- After nearly 20 years without new treatments, drugmaker Biogen has won accelerated approval for aducanumab, also known by the brand name Aduhelm, a drug that treats Alzheimer’s by attacking the protein plaques associated with this disease.
- Clinical trials confirmed that the drug slows disease progression in its early stages by helping clear plaques associated with the disease.
- But the drug’s approval is controversial, as the drug does not clearly show that it improves symptoms.
On Monday, the
While other drugs relieved some symptoms of the condition, Aduhelm has been found in one clinical trial to actually slow the progression of plaques associated with Alzheimer’s in patients with early stages of the disease.
But the drug’s approval is also controversial, as it is not clear how beneficial it will be at stopping the clinical symptoms of the disease.
“In Alzheimer’s disease, nerve cell death is due to the deposit of amyloid plaques and
According to Devi, author of “The Spectrum of Hope: An Optimistic and New Approach to Alzheimer’s Disease and Other Dementias,” a similar process can occur with other forms of dementia.
“For example, in
“Alzheimer’s disease is a devastating illness that can have a profound impact on the lives of people diagnosed with the disease, as well as their loved ones,” Dr. Patrizia Cavazzoni, director of the FDA’s Center for Drug Evaluation and Research, said in a
She emphasized that while currently available therapies only treat symptoms of Alzheimer’s, Aduhelm is the first therapy to target and affect the underlying disease process of Alzheimer’s.
“As we have learned from the fight against cancer,” she said, “the accelerated approval pathway can bring therapies to patients faster while spurring more research and innovation.”
According to the FDA, this is the first new treatment approved for Alzheimer’s since 2003.
According to the FDA, Biogen researchers evaluated Aduhelm’s efficacy in two different studies that looked at almost 3,500 patients.
All three were “double-blind, randomized, placebo-controlled, dose-ranging studies” in patients living with Alzheimer’s disease.
Researchers found that patients who received the drug had significant dose- and time-dependent reduction of amyloid beta plaque. But patients in the control arm of the studies, or those not given Aduhelm, had no reduction of this plaque.
The FDA has asked that Biogen now start another trial to verify that the drug actually works. If that trial fails, the FDA could revoke approval.
According to the FDA, not all experts agreed that Aduhelm merited accelerated approval.
“The data included in the applicant’s submission were highly complex and left residual uncertainties regarding clinical benefit,” said the FDA in a
The FDA confirmed that it examined the clinical trial findings with a “fine-tooth comb,” solicited input from the
According to the new treatment’s label, Aduhelm is administered by injection as an intravenous infusion for about 1 hour every 4 weeks, and patients might experience side effects that include:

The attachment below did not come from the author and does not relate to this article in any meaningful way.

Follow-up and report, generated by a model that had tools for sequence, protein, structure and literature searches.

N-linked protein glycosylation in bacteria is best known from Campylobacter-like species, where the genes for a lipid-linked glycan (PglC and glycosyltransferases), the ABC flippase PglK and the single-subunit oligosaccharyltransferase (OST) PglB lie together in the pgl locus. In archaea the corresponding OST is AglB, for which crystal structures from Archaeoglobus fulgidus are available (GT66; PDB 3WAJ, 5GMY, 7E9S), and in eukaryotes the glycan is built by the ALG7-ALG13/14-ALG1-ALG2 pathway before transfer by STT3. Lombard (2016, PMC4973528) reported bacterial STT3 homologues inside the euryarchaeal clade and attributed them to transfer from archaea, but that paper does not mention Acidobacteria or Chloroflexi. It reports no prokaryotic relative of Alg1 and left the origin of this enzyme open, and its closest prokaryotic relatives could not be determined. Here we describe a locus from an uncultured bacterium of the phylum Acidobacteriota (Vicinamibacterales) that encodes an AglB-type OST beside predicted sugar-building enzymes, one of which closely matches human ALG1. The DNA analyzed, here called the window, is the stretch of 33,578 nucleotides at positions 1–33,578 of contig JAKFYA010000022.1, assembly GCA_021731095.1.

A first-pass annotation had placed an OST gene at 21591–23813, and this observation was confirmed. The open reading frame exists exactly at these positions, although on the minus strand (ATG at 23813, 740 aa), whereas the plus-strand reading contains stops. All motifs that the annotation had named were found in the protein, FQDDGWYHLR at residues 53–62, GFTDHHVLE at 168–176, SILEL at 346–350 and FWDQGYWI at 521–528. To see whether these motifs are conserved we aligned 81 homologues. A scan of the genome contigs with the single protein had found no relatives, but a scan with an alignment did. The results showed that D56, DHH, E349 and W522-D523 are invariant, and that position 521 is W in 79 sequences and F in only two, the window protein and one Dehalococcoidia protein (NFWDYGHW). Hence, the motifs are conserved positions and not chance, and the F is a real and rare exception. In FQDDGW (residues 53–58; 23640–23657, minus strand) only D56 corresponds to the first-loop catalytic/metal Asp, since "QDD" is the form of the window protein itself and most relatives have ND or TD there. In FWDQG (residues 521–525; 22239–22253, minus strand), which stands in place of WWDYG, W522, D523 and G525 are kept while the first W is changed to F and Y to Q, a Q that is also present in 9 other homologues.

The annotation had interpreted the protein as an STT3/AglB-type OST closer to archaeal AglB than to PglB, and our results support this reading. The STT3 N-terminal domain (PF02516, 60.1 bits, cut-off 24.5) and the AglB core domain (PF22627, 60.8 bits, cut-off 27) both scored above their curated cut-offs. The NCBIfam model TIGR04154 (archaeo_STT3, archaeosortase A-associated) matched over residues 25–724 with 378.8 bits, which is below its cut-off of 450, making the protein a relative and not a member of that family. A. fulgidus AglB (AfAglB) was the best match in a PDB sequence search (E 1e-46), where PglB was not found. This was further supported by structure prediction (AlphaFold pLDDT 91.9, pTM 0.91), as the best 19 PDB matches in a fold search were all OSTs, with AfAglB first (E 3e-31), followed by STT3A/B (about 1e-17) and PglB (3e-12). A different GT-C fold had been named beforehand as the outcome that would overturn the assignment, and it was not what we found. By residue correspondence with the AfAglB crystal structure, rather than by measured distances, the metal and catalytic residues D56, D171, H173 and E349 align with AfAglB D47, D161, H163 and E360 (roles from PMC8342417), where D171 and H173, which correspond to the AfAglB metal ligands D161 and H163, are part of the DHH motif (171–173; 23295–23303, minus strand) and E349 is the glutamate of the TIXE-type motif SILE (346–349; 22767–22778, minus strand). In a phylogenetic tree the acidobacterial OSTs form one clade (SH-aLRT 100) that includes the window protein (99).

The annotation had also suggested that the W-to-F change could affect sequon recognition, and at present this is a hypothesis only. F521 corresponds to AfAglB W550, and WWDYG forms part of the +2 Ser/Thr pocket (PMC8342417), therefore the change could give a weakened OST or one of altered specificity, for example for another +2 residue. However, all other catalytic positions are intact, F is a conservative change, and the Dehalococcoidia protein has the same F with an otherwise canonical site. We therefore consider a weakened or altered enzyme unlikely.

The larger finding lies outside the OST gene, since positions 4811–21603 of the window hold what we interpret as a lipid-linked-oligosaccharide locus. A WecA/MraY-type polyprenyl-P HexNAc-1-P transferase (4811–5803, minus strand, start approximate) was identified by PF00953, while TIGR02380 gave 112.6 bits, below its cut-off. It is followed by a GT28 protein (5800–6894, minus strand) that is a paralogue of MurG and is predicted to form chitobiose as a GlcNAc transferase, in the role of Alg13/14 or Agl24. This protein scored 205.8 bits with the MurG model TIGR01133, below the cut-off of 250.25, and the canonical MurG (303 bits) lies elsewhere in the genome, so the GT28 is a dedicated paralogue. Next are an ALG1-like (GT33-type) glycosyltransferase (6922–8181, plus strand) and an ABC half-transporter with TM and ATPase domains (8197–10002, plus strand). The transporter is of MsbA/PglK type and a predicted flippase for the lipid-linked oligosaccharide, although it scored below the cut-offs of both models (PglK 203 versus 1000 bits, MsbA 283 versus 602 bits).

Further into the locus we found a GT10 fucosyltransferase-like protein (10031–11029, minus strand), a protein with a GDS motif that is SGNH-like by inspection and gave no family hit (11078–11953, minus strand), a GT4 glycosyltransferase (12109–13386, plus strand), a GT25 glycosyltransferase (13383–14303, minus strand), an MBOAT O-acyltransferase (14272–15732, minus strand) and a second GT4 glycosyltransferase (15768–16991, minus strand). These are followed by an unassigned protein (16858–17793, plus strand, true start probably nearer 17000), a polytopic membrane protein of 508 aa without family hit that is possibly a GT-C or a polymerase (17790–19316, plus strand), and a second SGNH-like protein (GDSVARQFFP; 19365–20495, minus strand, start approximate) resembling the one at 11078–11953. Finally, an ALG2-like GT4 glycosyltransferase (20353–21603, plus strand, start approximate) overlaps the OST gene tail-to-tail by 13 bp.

- cerebral edema, or swelling of the brain
- bleeding from the brain
amyloid-related imaging abnormalities (ARIA)
- angioedema, or swelling beneath the skin
- urticaria, a reaction similar to hives
According to the drugmaker, some patients in Aduhelm clinical trials also experienced adverse effects like falling, diarrhea, and disorientation.
Due to the potential for brain swelling and brain bleeding, those taking the drug will need to undergo MRIs to ensure they’re not having serious side effects.
However, he also said the biotech company has vowed not to increase the price of the medication for the next 4 years.
Vounatsos explained the price of the drug reflects “two decades of no innovation,” and will allow Biogen to invest further in their pipeline of medicines for other diseases, he said during an interview with CNBC’s “Power Lunch,” reported CNBC.
Even with accelerated approval, Aduhelm will continue to be studied.
According to the FDA, this type of approval can be based on a drug’s effect on a “surrogate endpoint that is reasonably likely to predict a clinical benefit to patients,” but requires a post-approval trial to “verify that the drug provides the expected clinical benefit.”
These are called phase 4 confirmatory trials and are intended to verify a treatment has clinical benefit. Failing to show efficacy in this trial could result in the FDA rescinding their decision.
“It’s conceivable that negative findings could lead to retraction of approval,” said Devi. “In general, phase 4 trials allow for more data gathering,”
“This therapy will be of great interest to many, but it is not the only important element of Alzheimer’s treatment and care,” said Joanne Pike, DrPH, and chief strategy officer at the Alzheimer’s Association, in an emailed statement.
“The Alzheimer’s Association has made it a priority to partner with healthcare systems, physicians, and the Centers for Medicare and Medicaid Services to ensure early and accurate diagnosis, and access to treatment, care management, and care planning,” she continued.
Pike added that the association would do everything in its power to ensure access to the drug and FDA-required diagnostic testing for all who will benefit, and that eliminating barriers to access “is our highest priority.”
After nearly 20 years without new treatments, drugmaker Biogen has won accelerated approval for Aduhelm, the brand name for aducanumab, a drug that treats Alzheimer’s by attacking the protein plaques associated with this disease.
According to Biogen, multiple separate clinical trials confirmed that the drug slows disease progression in its early stages. But its approval is controversial, as the drug does not clearly show that it improves symptoms.
Experts say the drug is only a facet of Alzheimer’s treatment, and early diagnosis, access to treatment, care management, and care planning, are critical components in caring for people with the disease.